School Board member defends Honduras trips


The Mirror

Typically twice a year, Evelyn Castellar lives in Honduras with her husband, tending their ranch and helping their neighbors living in poverty with a medical clinic and teaching at a school.

Castellar says the experience makes her a better member of the Federal Way School Board.

But one of her peers says her absence from meetings is a detriment to the school district, and a district supporter has said Castellar could face competition when her term in office is up in 2007.

Castellar has missed six board meetings out of 18 since taking office last November through last month. She isn’t the only board member who has been absent at times. Charles Hoff and Bob Millen each missed four meetings between September 2002 and August 2004. Earl VanDorien Jr. and Ed Barney have missed one or two meetings in that time.

State law outlines attendance at board meetings and is the basis for the Federal Way district’s policy. If a member knows they cannot attend, they are to give advance notice to the board president or superintendent. The board can vote to excuse a member from a meeting if requested. If a member has four consecutive unexcused absences, “the board shall declare a board member’s position vacant ... if the absences were for reasons other than illness,” states the district’s policy manual. According to keepers of the board’s meeting minutes, Castellar’s absences have been excused.

None of the people interviewed for this story took issue with Castellar’s work in Honduras.

Two board members said they don’t see Castellar’s absence as a problem, and noted she explained her situation while running for office.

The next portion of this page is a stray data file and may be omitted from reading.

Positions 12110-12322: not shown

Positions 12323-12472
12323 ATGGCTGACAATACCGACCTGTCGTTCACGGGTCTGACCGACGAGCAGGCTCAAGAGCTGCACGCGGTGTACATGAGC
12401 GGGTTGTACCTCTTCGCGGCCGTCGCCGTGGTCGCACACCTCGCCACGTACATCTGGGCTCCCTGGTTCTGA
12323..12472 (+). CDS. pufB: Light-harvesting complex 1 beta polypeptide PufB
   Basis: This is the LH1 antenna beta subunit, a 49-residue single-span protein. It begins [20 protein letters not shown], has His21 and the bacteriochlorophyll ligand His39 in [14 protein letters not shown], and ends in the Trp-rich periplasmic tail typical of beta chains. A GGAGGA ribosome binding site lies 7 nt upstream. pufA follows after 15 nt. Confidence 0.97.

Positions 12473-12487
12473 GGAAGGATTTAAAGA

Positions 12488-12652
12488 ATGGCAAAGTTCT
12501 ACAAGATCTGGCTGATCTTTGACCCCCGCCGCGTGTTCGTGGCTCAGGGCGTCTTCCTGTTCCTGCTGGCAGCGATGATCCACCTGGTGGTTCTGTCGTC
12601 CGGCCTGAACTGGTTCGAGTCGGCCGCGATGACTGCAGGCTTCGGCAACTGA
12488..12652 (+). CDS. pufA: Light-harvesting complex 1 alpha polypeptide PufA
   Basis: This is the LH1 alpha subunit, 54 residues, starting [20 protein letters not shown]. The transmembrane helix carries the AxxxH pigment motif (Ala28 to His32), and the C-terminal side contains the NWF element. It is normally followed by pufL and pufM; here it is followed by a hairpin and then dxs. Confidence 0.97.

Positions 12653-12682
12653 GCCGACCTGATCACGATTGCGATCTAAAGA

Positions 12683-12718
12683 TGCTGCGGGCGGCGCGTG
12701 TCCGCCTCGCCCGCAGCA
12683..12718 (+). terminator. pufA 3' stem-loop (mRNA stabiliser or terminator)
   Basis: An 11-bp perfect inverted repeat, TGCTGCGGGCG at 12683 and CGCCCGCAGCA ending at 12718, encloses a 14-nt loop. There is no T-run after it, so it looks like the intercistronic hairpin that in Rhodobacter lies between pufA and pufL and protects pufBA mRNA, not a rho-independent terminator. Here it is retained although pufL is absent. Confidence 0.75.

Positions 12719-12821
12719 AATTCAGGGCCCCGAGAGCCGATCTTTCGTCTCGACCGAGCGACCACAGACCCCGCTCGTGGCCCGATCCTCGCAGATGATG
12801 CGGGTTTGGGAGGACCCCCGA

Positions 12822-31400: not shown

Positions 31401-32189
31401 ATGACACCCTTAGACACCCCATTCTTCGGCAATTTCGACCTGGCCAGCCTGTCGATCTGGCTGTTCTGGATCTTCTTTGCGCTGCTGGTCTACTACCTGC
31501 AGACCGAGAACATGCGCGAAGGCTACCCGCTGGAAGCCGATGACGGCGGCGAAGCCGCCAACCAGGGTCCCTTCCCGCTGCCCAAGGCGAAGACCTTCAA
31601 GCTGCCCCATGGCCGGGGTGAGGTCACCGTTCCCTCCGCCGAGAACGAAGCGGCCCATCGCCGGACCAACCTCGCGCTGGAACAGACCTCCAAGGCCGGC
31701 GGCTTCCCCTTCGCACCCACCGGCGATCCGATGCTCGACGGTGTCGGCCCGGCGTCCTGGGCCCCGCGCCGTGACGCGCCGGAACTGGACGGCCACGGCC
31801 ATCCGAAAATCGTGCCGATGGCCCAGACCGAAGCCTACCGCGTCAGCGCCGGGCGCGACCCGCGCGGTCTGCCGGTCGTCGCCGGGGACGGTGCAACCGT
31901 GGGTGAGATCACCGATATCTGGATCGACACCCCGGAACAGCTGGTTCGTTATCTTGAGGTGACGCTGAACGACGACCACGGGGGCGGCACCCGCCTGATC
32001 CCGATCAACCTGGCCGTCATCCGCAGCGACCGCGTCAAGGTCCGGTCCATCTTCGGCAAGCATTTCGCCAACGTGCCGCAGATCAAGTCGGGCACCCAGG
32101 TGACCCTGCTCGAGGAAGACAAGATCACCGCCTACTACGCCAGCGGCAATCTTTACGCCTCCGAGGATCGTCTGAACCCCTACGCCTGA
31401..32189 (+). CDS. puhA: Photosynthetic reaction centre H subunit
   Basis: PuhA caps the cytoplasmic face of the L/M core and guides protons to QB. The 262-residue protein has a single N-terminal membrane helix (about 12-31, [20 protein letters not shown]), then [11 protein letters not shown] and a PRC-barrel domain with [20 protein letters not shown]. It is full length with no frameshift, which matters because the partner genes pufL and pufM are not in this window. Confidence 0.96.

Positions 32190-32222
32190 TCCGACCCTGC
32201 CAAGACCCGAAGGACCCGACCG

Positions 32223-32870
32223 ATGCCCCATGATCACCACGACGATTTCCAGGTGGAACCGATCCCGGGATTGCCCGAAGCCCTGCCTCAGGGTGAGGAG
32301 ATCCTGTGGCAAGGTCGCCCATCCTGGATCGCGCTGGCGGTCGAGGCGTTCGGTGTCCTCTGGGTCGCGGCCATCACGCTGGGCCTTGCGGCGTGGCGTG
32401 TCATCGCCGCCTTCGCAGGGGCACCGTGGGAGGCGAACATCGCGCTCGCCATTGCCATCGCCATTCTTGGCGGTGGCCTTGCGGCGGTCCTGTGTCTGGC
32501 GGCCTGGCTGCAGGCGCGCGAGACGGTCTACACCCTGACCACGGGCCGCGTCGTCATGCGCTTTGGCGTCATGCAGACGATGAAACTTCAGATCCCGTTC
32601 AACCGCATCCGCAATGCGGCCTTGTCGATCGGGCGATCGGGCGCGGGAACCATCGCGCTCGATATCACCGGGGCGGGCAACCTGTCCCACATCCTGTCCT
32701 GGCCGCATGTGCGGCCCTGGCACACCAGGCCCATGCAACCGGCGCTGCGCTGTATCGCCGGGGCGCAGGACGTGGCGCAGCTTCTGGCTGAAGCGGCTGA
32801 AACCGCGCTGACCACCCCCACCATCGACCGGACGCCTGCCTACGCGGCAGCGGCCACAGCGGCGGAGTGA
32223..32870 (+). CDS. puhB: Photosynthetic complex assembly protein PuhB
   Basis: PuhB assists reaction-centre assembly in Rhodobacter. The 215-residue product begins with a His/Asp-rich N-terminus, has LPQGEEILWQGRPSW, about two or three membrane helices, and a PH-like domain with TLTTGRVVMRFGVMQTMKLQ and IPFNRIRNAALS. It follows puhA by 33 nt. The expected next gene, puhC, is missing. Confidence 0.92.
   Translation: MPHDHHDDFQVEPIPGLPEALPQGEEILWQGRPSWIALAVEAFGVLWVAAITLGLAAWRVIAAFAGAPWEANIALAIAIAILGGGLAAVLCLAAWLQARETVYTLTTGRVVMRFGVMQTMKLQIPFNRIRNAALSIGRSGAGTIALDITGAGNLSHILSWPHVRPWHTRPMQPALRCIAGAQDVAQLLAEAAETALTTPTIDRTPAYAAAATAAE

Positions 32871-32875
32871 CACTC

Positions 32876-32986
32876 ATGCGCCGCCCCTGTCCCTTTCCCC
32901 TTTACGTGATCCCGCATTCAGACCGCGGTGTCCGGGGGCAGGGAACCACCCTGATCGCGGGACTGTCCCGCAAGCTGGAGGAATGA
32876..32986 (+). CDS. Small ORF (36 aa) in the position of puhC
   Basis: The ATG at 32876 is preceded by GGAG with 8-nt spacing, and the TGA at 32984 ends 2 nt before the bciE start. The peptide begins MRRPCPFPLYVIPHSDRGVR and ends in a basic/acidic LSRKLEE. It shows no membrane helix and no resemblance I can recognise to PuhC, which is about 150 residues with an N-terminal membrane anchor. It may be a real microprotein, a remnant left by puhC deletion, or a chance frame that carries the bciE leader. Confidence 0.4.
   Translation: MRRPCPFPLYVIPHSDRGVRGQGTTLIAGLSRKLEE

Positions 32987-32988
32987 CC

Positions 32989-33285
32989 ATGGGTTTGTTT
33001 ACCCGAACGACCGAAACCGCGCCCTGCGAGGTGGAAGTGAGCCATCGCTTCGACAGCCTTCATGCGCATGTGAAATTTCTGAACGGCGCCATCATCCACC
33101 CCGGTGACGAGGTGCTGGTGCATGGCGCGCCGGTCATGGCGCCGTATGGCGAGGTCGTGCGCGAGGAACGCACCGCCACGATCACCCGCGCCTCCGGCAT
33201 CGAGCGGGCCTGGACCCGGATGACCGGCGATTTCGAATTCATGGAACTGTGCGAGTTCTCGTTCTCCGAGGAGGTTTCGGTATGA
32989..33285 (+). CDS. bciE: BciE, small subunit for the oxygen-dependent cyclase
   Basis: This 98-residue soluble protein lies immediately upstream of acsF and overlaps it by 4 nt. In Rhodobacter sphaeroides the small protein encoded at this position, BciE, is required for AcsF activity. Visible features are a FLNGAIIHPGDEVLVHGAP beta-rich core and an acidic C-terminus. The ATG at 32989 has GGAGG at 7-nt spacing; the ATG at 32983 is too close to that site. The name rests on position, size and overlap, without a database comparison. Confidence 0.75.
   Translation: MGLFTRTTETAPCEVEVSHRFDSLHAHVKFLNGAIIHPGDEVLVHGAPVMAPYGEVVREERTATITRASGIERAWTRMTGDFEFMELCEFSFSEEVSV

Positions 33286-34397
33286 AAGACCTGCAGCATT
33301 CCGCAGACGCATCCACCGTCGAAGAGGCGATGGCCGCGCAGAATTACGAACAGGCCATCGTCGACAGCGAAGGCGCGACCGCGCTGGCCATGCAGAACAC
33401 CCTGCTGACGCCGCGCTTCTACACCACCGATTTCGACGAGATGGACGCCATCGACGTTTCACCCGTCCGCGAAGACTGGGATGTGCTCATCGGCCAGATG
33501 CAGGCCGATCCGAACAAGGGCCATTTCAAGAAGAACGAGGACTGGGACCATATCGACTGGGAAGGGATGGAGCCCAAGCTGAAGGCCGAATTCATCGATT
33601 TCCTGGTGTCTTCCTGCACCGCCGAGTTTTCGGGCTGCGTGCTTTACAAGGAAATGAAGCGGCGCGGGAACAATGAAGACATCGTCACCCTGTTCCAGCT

“It’s hard to argue with,” Hoff said of Castellar’s reasons for going to Honduras.

Hoff and Barney said Castellar made clear her travels to Honduras when she ran for office. She confirmed their recollection, adding she initially declined because of the time she spends in Honduras. VanDorien, she said, told her during a meeting at her office that it wouldn’t be a concern. VanDorien disputes her account of the meeting.

If people have a problem with her being absent, why didn’t anyone run against her, Barney asked.

Castellar’s absence from several consecutive board meetings and study sessions means she is not properly representing the district’s citizens, VanDorien said.

VanDorien’s opposition has little to do with her absences, Castellar said, but rather is his reaction to her refusal to support his bid for the board’s vice president post.

Around the beginning of the year, Castellar and her husband live in Honduras on their ranch with cows, cats and goats. Pictures provided by Castellar of the area show streams and a green canopy of tropical woods, and Castellar’s clinic and the classroom where she teaches.

Castellar said she gets up around 6 a.m. each morning to feed the ranch critters. Jose, her husband, mucks out the stalls. The rest of the day is spent working, visiting neighbors or working in the community. The couple go back from late spring to early summer; she last visited until late July.

They started visiting Honduras to see a young man who had lived with them in the United States, she said. When the government denied him a visa to stay, he moved back to Honduras. Castellar and her husband think of him as a son and started visiting him frequently. Eventually they bought the ranch, she said.

It wasn’t long before they realized their neighbors couldn’t afford medical care. The community is more than an hour by car from the nearest town, Castellar said. They built a small clinic and bring medicines (mostly donations) from the U.S. Castellar distributes them free to the residents. Pam Roach, a state senator from Auburn, once visited and brought sanitation kits.

Every School Board member should have something like this, Castellar said. Visiting Honduras expands her world view, puts her in contact with people she would otherwise not know, improves her proficiency in Spanish and gives her a better understanding of the immigrant families who have children in the Federal Way Public Schools system, she said.